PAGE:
James Anaya, the body’s indigenous rights envoy, was in Vancouver meeting with aboriginal groups. The discussions covered missing women, poor housing conditions and fisheries, among other issues.

The Yinka Dene Alliance of pipeline-opposing First Nations said governments, both provincial and federal, “failed” to consult aboriginals on the projects in language hinting at potential future lawsuits.

“I was very impressed by James Anaya,” said Geraldine Thomas-Flurer, the alliance co-ordinator. “Would he bring this issue forward to Canada? We remain hopeful that he will. Part of his job is fact-finding. He does have the mandate to make recommendations to Canada.”

A Ministry of Forests, Lands and Natural Resource Operations spokesman defended 11 permits granted for Enbridge Inc. to do “investigative” work along the planned route as “a standard, preliminary step for any activity of this type.”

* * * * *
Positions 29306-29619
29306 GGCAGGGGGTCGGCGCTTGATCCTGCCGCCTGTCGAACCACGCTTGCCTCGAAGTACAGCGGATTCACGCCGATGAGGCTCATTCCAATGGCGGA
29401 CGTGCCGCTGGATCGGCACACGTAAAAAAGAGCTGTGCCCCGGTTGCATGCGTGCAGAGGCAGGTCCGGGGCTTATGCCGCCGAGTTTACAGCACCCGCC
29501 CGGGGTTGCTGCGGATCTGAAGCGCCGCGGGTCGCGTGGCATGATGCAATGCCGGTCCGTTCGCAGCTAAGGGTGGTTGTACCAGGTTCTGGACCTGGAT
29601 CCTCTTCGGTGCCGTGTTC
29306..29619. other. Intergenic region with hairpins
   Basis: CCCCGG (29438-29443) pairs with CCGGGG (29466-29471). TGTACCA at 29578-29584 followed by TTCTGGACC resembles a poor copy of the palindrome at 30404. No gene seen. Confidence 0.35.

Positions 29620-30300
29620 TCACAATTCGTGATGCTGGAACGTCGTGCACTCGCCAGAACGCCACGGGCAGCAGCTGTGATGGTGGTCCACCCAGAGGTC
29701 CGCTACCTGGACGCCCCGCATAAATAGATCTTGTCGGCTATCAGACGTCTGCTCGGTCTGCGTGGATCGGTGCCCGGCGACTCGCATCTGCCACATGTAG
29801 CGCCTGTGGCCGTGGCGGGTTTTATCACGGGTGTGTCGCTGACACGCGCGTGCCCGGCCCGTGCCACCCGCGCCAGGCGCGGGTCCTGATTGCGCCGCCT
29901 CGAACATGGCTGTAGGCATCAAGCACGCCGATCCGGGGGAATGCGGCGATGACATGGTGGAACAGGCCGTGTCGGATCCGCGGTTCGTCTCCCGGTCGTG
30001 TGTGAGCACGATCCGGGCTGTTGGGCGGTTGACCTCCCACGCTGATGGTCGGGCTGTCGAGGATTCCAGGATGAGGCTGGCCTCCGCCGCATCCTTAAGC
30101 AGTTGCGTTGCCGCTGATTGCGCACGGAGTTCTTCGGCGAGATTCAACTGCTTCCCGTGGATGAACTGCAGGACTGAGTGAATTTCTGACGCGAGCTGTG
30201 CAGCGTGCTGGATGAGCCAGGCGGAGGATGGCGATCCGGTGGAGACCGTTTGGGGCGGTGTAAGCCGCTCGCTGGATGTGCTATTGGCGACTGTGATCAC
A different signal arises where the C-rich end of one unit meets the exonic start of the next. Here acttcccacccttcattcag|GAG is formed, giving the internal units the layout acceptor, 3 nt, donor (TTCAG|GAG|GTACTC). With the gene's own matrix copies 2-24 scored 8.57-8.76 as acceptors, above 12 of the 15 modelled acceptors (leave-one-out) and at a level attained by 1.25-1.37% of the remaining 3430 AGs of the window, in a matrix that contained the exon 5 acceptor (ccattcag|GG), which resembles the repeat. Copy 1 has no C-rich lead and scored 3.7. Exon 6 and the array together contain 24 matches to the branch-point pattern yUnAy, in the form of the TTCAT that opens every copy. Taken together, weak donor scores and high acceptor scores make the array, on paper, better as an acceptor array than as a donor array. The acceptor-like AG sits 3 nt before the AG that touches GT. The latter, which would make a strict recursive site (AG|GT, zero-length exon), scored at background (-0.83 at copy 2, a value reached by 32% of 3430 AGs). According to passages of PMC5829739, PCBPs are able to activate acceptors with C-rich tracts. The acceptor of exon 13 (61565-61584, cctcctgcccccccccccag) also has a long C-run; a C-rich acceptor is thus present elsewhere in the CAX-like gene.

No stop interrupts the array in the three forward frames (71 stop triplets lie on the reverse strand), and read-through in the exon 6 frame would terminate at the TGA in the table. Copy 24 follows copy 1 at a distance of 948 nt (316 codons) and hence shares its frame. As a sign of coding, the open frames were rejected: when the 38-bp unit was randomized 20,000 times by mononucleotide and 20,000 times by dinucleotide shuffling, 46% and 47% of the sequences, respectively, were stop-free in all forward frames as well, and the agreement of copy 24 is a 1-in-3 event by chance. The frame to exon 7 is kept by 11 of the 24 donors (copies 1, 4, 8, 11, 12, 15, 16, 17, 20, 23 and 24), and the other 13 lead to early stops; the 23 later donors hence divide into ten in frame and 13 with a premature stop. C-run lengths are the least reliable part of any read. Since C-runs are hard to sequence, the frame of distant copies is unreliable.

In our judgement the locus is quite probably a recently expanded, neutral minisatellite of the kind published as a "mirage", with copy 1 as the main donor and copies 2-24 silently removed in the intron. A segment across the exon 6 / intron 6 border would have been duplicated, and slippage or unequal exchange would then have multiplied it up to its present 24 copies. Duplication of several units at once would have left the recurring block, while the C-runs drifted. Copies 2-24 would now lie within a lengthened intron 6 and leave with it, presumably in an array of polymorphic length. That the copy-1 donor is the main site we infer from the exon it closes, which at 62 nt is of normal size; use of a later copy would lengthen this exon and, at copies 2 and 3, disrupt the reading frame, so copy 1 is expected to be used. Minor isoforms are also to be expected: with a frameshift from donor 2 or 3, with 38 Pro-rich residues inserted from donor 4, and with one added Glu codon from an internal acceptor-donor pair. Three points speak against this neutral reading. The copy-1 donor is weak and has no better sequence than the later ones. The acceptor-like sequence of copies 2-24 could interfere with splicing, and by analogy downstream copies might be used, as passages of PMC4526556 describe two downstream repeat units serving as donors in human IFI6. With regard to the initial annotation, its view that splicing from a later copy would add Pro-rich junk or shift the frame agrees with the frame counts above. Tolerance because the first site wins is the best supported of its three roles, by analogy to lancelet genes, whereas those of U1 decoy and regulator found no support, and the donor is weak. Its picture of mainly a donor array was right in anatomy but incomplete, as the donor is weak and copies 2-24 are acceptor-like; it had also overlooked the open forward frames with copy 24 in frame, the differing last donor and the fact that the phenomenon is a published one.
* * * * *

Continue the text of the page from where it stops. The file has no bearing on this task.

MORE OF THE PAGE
The Calgary-based company is awaiting Ottawa’s decision on its proposed oil sands pipeline.

Enbridge didn’t respond to an interview request by press time.

Chief Fred Sam of alliance member Nak’azdli First Nation, said the audience with Anaya is the latest effort to express a united protest by aboriginals to projects like Northern Gateway.

“He was sincere about what we had to say,” Sam said. “It’s too bad that he wasn’t granted more time in Canada. There are a lot of things happening.”

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